Losing my mum to IPF
After Stephen’s mum died from IPF, he knew he wanted to do something big to honour her.
My mum was the kindest, most caring, loving woman you could meet. She loved swimming, running, gardening and just generally keeping active. She ran marathons with my dad, and she built our garden up from scratch: in 1994 it was bare, and we now have huge conifers all around the perimeter.
I first noticed mum’s breathing problems in 2010. I’d taken her on holiday to Lanzarote - I was only 15 at the time but used the little savings I had to pay for it!
The beach was only a 5-minute walk away, but mum got really breathless and struggled to get there. She put it down to her fitness levels not being as good as they were, as she was carrying a bit of weight at that time.
I tried to build up her fitness
I always pushed her to start training again and to try to build her fitness levels back to what they were. For Christmas 2014, I bought her some gym clothes, shoes and a few bits of equipment.
We went for a brisk walk together and mum struggled badly. I had thought it was her fitness levels, but I realised it was probably more than that. She’d been to the doctors over the years, but they either told her she had a chest infection or that they didn’t know what was wrong. In September 2015, she was diagnosed with idiopathic pulmonary fibrosis (IPF).
Mum’s life became limited. She relied on oxygen therapy, and the medication she was on had a dramatic impact on her. Every night I had to carry mum up the stairs, but it got to the point where I couldn’t even do that: moving her too much made her out of breath as she had so little oxygen in her body. It was so scary for her being so out of breath every day.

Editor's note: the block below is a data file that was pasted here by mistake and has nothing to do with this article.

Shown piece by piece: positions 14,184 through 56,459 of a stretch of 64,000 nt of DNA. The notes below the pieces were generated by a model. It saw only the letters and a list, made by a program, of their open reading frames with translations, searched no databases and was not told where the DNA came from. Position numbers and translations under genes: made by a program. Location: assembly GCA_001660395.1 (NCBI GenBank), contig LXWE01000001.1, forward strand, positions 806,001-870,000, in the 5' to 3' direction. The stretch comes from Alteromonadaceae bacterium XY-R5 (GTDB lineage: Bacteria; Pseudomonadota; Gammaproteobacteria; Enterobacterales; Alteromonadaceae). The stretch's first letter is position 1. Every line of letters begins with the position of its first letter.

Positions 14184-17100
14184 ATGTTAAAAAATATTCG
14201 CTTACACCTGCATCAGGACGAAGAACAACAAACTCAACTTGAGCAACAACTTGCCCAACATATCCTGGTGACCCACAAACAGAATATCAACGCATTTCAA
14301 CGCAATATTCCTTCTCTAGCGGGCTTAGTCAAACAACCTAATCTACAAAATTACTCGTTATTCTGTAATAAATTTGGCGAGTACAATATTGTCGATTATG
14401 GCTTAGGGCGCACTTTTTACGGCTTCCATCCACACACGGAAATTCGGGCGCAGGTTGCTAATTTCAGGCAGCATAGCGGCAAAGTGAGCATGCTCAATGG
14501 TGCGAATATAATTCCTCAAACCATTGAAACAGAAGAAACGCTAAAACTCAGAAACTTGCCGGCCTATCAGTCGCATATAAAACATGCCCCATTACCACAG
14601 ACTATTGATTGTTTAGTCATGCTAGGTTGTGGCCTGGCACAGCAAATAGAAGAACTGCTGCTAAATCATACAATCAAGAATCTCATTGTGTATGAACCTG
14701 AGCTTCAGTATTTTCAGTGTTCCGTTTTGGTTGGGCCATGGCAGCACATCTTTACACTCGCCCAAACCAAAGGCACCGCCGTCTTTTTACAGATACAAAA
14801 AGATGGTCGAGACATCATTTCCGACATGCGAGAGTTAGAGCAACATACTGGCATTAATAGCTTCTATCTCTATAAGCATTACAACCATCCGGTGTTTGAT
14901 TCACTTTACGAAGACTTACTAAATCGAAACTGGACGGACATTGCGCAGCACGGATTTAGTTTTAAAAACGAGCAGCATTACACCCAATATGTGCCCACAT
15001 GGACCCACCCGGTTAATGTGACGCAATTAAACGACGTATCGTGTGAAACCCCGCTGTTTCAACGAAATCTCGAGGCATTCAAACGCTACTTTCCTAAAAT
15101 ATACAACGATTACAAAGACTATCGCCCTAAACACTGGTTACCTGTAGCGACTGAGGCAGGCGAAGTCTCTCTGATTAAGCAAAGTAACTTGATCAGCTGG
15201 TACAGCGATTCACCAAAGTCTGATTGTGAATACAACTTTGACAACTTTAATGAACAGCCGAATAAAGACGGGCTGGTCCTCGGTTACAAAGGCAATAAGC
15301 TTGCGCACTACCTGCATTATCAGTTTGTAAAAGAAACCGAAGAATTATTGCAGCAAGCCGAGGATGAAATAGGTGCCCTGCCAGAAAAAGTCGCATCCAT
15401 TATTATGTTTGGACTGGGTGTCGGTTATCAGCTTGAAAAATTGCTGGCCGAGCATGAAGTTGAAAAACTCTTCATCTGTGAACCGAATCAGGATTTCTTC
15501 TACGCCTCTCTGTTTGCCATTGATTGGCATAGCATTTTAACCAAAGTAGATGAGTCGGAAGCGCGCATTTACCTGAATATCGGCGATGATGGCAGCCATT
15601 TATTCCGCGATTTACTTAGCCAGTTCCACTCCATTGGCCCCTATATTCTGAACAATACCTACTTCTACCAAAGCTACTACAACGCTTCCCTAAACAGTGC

After mum was diagnosed, she couldn’t work. As she was always sat in the house, she kept a diary. It’s so sad reading how scared she was and how she felt during the day.
Mum took a turn for the worse
In late December 2017, mum had an appointment at the hospital. The night before we were all sat in the living room with the fire on full. She had 2 dressing gowns on but still felt freezing cold.
The next day she went into hospital, but her heart rate was too high to start the treatment the doctors had planned. They tried to regulate her heart with several different medications.
When I got to the hospital later that day mum was so happy to see me. She was making jokes with the nurses about the socks she’d bought me for Christmas just a couple of days earlier, which also happened to be her birthday.
There was a point when the colour came back into her face, and I thought to myself: she’s going to be OK. I could see in her eyes she thought it too. She told me she couldn’t wait to go home, what food she wanted and that she loved me. I spoke to her normally, so she’d be relaxed. I remember making her smile.
Then she took a turn and started breathing really heavily. The doctors said she wasn’t going to make it. She passed away in my arms in the early hours of 28 December 2017.
Honouring my mum by raising awareness of IPF
I knew I wanted to do something big to honour her. I’ve always loved boxing, and so I'm putting on a charity boxing event in her memory. Mum always supported me and was made up that her son was doing something he loved.
I’ve got high hopes for this event: I’ve got so much passion to make it a huge success. I want to make Ultimate White Collar Boxing a national event around the country to raise as much money as possible for the British Lung Foundation.
From speaking to other people, hardly anyone has heard of IPF. I know first-hand how debilitating it is, and I want to do as much as I can to stop other people go through what we have.
My mum was literally my best mate, and I want to do anything I can to raise awareness of IPF and as much money as possible to help, one day, to cure it.
This event is kindly organised by Stephen to raise money for the British Lung Foundation. British Lung Foundation staff have offered support and advice in organising the event, but the charity is not responsible for the event itself. Any enquiries or questions about the event should be directed to the event organiser.